Who doesn’t remember as a kid going out with your parents for Chinese food? Back then, Chinese food was the only Asian-style cooking available. There wasn’t much Thai, Vietnamese, Malaysian, etc. And this was years before we distinguished Chinese food by the region it came from in China – Szechuan, Hunan, Cantonese and others.

Now the tables have turned on us, so to speak.

I recently had the privilege to host a group of tour operators from China at KITCHEN. These travel professionals sell tour packages to visit Edmonton and Alberta to people living in China. And from what I gathered from this group, interest in travelling to Edmonton, Alberta and Canada is growing.

Much like us North Americans who explored the Asian food scene first with “western” Chinese, then Szechuan, then Hunan and so on, the Chinese have a growing interest in our cuisine. Their hunger has progressed beyond the typical North American burger and fries.

For my guests, there was as much excitement in seeing a bison or moose for the first time, as there was in tasting bison or moose for the first time. While there is more than beef in Alberta, beef is what we are known for. When I served braised boneless short ribs from Spring Creek Ranch with locally made Brassica Mustard, my guests were amazed that the ranch where the beef came from was only a hundred kilometres away. They were equally impressed that the beets were locally grown, served with honey from a town just a short drive away (Wetaskwin). Potatoes from The Little Potato Company were a fascination because of their size, and in part because they were topped with horseradish cream fraiche. With a Saskatoon tart for dessert; a berry virtually unknown in many other countries, served with homemade honey ice cream, their perspective of Edmonton, Alberta and Canada went from good to great.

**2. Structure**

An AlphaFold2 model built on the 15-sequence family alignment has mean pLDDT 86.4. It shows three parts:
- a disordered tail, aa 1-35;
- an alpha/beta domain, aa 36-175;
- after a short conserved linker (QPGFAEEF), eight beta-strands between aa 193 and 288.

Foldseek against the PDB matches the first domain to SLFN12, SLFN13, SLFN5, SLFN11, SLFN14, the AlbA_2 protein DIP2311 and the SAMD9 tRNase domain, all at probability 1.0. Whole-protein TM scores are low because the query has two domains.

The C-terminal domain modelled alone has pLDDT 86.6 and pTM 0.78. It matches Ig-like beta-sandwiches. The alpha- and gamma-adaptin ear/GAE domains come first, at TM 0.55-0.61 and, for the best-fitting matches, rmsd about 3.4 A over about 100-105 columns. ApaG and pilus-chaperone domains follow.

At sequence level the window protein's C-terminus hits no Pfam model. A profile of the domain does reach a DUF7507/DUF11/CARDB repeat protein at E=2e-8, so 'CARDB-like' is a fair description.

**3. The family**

My time with these international travel professionals was proof that Canada and Alberta are becoming known for more than our environment and beautiful surroundings.

This KITCHEN party was an eye opener for me. It made me realize how important “the experience” is. It was cool to watch people from other cultures experience and enjoy what we have to offer. It also reinforced the idea that if we celebrated our food a little bit more and really told its story, more people would be more interested in exploring what we have in our own backyard. You don’t need to leave the city or province to experience and taste something new.

And finally, this experience made me realize that sometimes you need to see your world through someone else’s eyes to truly appreciate what we have – including our food. We are fortunate to have so many great food products in Edmonton and around Alberta.

No matter where you come from, it is food that connects us all.